Scientists find genetic link in cases of prostate cancer 250,000 men in U.S. may harbor a gene that causes disease

November 22, 1996|By Jonathan Bor | Jonathan Bor,SUN STAFF

WASHINGTON -- Scientists said yesterday they have found (( the first conclusive evidence of a gene that causes prostate cancer to run in some families -- sometimes afflicting numerous male relatives within the span of a few decades.

The discovery came after years of detective work by researchers at the Johns Hopkins School of Medicine who, with collaborators elsewhere, combed through DNA from 91 families that have suffered greatly from the disease.

Dr. William B. Isaacs, a Hopkins professor of urology and oncology, said the gene may account for 3 percent of the 340,000 new cases of prostate cancer diagnosed in the United States each year. Those who inherit the gene probably face a 90 percent chance of developing the disease in their lifetime.

Some 250,000 men in the United States may harbor the gene, he said. The gene has been named HPC-1.

"The gene may be active over a wide variety of geographic regions and ethnic backgrounds," said Isaacs, explaining that the study found the trait among Caucasians and African-Americans across the country, as well as men living in Canada and Sweden.

About 10 percent of all cases of prostate cancer are thought to be hereditary, with HPC-1 accounting for about a third of those. At Hopkins, scientists are using a vast trove of family histories to locate the other genes responsible for hereditary cases.

The scientists did not isolate the gene itself. Instead, they found a signpost on the first chromosome that, they believe, sits very close to the gene. Similar discoveries of genetic "markers" have led within a few years to the identification of genes for breast and colon cancer.

"While we don't have the prostate cancer gene, we have the culprit at hand and we know the neighborhood he lives in," said Dr. Jeffrey M. Trent, scientific director of the National Center for Human Genome Research, who collaborated in the study. Identifying the gene "is only a matter of time," he said.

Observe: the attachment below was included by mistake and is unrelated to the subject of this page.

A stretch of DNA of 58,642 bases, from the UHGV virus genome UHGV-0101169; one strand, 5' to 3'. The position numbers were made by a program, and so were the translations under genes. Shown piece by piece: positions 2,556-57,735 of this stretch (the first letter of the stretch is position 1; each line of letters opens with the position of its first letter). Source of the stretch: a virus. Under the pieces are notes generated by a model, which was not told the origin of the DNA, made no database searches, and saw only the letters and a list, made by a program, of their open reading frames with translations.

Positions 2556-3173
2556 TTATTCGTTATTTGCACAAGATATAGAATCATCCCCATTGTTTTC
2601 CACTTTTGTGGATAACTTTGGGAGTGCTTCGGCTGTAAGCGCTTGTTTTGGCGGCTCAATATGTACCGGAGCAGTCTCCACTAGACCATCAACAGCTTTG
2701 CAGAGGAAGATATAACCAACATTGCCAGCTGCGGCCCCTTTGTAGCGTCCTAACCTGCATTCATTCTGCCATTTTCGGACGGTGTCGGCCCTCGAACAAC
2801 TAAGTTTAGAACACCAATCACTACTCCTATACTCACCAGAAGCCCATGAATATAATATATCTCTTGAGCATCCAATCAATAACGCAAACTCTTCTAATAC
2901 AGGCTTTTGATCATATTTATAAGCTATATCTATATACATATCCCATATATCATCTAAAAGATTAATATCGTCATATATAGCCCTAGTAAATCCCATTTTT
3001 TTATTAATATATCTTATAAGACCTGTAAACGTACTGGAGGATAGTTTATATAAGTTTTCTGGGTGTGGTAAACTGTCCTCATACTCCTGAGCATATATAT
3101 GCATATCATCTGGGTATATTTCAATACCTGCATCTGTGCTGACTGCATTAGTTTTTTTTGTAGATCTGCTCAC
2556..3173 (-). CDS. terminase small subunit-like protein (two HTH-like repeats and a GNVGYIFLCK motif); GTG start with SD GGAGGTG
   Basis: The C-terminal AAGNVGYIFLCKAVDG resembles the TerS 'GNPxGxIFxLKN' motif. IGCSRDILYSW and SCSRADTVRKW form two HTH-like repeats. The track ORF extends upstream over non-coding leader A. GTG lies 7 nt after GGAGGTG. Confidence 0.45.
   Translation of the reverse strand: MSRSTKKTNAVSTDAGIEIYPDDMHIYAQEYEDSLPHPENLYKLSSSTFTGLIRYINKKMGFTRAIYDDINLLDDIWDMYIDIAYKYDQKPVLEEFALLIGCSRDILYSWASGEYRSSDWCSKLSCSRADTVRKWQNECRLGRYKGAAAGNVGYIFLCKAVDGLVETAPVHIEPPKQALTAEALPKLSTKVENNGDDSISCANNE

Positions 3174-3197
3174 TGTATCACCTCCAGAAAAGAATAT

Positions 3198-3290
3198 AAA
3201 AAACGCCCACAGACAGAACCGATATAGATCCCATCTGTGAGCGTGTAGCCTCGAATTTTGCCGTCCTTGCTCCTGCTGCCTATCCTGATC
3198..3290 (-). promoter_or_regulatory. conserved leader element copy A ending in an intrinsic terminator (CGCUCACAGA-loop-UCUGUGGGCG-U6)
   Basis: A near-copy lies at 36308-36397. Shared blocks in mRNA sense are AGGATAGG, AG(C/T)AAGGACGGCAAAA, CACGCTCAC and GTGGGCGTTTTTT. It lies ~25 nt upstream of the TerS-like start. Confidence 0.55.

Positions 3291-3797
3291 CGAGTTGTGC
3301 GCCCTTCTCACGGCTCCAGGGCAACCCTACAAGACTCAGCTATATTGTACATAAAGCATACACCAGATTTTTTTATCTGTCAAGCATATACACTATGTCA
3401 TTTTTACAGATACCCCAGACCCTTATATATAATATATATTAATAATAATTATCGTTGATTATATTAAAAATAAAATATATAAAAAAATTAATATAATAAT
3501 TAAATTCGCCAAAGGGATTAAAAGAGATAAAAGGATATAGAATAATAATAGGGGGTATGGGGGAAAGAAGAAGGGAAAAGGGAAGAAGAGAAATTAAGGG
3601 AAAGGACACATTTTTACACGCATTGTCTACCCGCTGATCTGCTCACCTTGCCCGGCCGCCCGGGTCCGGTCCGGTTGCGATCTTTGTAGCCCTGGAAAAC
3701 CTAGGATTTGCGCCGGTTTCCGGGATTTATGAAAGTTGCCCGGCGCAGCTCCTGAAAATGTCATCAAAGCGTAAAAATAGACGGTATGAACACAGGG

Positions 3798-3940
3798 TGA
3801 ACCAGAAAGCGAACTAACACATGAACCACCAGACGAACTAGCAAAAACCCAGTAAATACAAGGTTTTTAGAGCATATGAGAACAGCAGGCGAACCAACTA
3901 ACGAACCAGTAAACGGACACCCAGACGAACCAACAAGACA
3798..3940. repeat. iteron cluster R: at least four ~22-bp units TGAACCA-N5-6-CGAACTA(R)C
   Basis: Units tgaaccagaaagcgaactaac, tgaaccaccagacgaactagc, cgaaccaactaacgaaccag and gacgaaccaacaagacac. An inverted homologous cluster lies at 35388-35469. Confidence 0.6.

Isolating the gene would mean that doctors would have a test to identify carriers. It could also provide further insights into how healthy prostate cells become diseased ones -- and possibly lead to better treatments.

The discovery was announced yesterday at a news briefing and is described in today's issue of the journal Science. Researchers at Hopkins, the National Institutes of Health and Sweden's Umea University participated in the study.

Elsewhere, scientists who located a hereditary breast cancer gene in 1990 found the gene four years later. Now, research centers are testing women with extensive family histories of breast cancer to see if they carry -- or escaped -- that inheritance.

The search for an inherited prostate cancer gene is being led by Dr. Patrick Walsh, a renowned surgeon who heads Hopkins' Brady Institute of Urology.

Ten years ago, Walsh was impressed by a 49-year-old patient who told him that every close male member of this family -- his father, his father's three brothers and his grandfather -- had died of prostate cancer.

Doctors had long observed that the disease runs in some families. But Walsh was the first to launch a concerted effort to see if such clusters were due to inheritance or to other causes -- such as diet or environment -- and then to look for the culprit genes.

Researchers are still looking for the non-hereditary causes that account for most cases of prostate cancer.

Along the way, Walsh's team found that the risk of developing prostate cancer is much higher for men with family histories of the disease than it is for men with no such history. For instance, men had 11 times the risk if a father and two brothers had been diagnosed.

The prostate is a walnut-sized gland that produces secretions that form part of the seminal fluid in ejaculations. It sits next to the bladder.

Prostate cancer is the most common cancer among men. Some 41,000 men in the United States die of the disease each year, making it the second leading cause of cancer death among men next to lung cancer.

It is usually a disease of older men, striking those who are at least in their 60s. But HPC-1 appears to cause some men to develop the disease earlier -- in some cases, by their 40s.

A genetic test could be of value to men in families that have been hit hard by the disease. Men who are found to carry the gene would have extra incentive to get tested frequently for signs of a tumor. Such tests include a digital rectal examination and a PSA blood test.

Dr. Francis Collins, director of the National Center for Human Genome Research, cautioned that a genetic test, if used widely, could identify 250,000 men who could possibly face discrimination based on their genetic makeup. Insurance companies, for instance, could use genetic information to deny life or health coverage.

Kaiser Permanente researchers recently calculated that women who test positive for a breast cancer gene could cut their death rate by 90 percent if they had their breasts removed. The study sparked concerns that insurers could use the data to push for preventive mastectomies.

Collins also cautioned that the prostate cancer finding does not mean that the disease is diagnosed or treated any differently than before.

Pub Date: 11/22/96

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